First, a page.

“No voy a perder ni un minuto en volver a pensarte.”

“Malamente” by Rosalía | Still on the “see how late I am” track, well… well, to be fair, considering my listening habits (which, if you’ll put it one way, is too white) I won’t really cross paths with Rosalía unless I really tried, which, in this case, is that James Blake record I reviewed a couple of weeks back. But then, I really first heard her just a few weeks prior, because I have shifted to the European stations and they have “Malamente” on gentle rotation (because, while the album this came out of dropped just last November, this song has been poking around since May or whereabouts). So, now, I’m thinking about how much she contributed to “Barefoot in the Park” and how we tend to forget how sultry Spanish sounds, especially in the right circumstances. But then, this is just me catching up. [NB]

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“What I’ve got to give is not enough.”

“Saviour” by George Ezra featuring First Aid Kit | Let me telegraph a few things. I have a couple of long reads planned for the blog, but I’m not sure if I’ll ever get around to writing them, because, as you probably know, (if you bothered to,) I’ve been busy lately. Actually, I forgot to schedule a song for today, so here’s one that’s sort of at the center of one of those planned essays. It’s a song I should’ve known about, considering George Ezra is at my peripheral and First Aid Kit are one of my favorites, but again, I’ve been busy to the point that I only realized this collaboration happened almost a year after it was released, with his recent album Staying at Tamara’s. Sure, they do harmonies mostly (which is one of the things they do best) and don’t really have a solo part, but of course they do well. But this song has some pretty killer lines that tend to just hit you at unknown points. So, yeah, I’m telegraphing a few things. [NB]

“It’s not too late for us to turn it around.”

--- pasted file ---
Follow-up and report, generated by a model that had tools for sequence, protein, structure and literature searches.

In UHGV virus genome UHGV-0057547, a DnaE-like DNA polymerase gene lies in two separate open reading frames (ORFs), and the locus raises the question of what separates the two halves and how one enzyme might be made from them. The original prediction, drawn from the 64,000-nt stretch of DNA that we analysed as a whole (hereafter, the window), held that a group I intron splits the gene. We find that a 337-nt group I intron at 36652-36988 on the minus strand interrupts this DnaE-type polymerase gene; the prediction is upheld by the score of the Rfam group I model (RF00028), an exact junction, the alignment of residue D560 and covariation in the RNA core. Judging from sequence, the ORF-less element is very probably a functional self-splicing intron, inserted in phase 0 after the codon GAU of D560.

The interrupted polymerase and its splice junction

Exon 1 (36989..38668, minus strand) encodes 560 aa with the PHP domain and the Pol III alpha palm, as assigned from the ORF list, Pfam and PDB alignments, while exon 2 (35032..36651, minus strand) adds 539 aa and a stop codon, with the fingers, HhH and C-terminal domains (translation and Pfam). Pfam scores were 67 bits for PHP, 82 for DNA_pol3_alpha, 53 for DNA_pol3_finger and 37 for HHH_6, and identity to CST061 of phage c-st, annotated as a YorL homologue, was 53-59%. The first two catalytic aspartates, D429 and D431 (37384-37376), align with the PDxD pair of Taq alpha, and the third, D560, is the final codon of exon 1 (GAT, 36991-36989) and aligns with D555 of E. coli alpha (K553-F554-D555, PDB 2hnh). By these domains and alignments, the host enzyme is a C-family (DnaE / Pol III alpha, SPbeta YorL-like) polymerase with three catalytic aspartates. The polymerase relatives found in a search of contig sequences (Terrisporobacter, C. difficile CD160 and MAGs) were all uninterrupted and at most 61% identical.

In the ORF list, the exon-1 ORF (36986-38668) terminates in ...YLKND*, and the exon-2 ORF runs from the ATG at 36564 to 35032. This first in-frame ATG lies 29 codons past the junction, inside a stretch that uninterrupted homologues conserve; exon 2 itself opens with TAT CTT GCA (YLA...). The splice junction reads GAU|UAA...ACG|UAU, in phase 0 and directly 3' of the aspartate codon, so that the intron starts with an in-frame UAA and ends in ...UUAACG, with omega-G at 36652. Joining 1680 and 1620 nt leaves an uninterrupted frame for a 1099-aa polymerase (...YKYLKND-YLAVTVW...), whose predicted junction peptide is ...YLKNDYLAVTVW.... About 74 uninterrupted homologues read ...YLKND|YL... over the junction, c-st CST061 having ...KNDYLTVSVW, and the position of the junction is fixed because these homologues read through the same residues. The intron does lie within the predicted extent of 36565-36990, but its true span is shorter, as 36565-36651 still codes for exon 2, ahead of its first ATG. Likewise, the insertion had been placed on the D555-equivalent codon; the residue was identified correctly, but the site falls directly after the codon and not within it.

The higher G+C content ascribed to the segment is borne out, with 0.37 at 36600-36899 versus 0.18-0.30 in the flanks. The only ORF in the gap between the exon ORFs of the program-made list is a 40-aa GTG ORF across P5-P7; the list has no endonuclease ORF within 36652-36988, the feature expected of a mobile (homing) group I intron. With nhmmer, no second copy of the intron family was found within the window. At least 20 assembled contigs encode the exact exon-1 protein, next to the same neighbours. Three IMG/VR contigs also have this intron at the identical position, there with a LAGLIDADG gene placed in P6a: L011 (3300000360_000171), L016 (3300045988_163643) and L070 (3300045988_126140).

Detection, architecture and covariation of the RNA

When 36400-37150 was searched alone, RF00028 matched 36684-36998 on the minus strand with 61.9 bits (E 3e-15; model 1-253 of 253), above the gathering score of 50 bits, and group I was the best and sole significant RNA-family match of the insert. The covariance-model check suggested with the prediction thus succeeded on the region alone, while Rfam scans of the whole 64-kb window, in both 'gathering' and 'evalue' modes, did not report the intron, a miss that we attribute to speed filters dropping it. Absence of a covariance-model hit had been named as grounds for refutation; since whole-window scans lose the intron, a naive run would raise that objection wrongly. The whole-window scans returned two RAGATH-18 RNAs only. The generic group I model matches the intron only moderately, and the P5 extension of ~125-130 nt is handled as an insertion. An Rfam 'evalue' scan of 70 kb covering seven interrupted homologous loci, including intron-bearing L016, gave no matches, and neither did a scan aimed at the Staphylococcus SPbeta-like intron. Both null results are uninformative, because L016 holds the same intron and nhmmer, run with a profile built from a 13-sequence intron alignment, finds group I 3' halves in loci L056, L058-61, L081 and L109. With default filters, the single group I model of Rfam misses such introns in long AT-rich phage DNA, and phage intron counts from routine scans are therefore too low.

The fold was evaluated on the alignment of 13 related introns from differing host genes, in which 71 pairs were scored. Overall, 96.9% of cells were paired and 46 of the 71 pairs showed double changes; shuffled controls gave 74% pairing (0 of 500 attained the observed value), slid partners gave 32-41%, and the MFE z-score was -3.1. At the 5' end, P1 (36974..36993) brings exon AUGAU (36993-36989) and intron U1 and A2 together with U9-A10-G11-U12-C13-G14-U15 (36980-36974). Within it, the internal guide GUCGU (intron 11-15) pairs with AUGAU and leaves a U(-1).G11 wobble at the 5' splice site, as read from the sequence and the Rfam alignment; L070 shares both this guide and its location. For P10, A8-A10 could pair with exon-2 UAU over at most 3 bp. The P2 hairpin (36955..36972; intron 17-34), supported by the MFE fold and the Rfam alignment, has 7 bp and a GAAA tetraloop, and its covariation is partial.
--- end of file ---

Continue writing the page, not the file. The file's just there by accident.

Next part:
“U-Bahn (It’s Not Too Late For Us)” by Jonathan Jeremiah | Again, a reminder to myself: Jonathan Jeremiah is British. He’s British, but the vagaries of music charts means he’s a big artist on the Dutch side of Belgium. The first time I wrote about him, four years ago, I heard him on a radio station based in Brussels; same thing for this one, a newer release, from last year’s album Good Day. It’s a nice channeling of that elegiac orchestral sound pop music gravitated towards in the 60s and 70s. Imagine hearing this for the first time, like I did, on an empty bus heading towards the city, feeling a bit uncertain about what lies ahead. Not that I can turn back like this song suggests – I was going to a meeting – but, you know, it all snaps into place. And then the stream buffers and you get annoyed. [NB]

“I might never sleep at all.”

“Closetowhy” by Parcels | Away from the inbox again, because I couldn’t quite get this song out of my head, if I’m being honest. And this isn’t a complex songs by any means; you can argue it’s a bit repetitive, or perhaps I’m saying this because the album version extends for longer than you’d expect. But this track – from Berlin band Parcels – is really a pretty little thing, and one you wouldn’t notice unless you really pay attention. It’s the sort that almost gets away with it until you deliberate get out of the way to pick it up, perhaps with two fingers and a slightly stern tone. And then you realize you’re really just fond of the song and so you play it again, and then you listen to the album, and then you’re in a rabbit hole… [NB]

“We will become the words we say.”

“Stop Talking” by Miya Folick | I have some more songs on the inbox, but let’s go with something I’ve found weeks ago first, because by this time she’s starting to be everywhere. Well, relatively. She’s been performing for a few years now, and she released her debut full-length last October, so the boat’s already been missed, if we’re so inclined. But there’s an interesting sound here in Miya Folick’s “Stop Talking” – it feels a bit carnivalesque, but not really, but yes, but no. But then reading through the lyrics feels a bit more satisfying than expected, because you notice the turns of phrase (and the manners of delivery) and it just endears you a bit further to the song. So there is that. There’s also her being a trained actor, being part-Japanese and part-Russian, and getting her music career off the ground due to Tinder, but these are details, and there’s this quite deceptively smart song. [NB]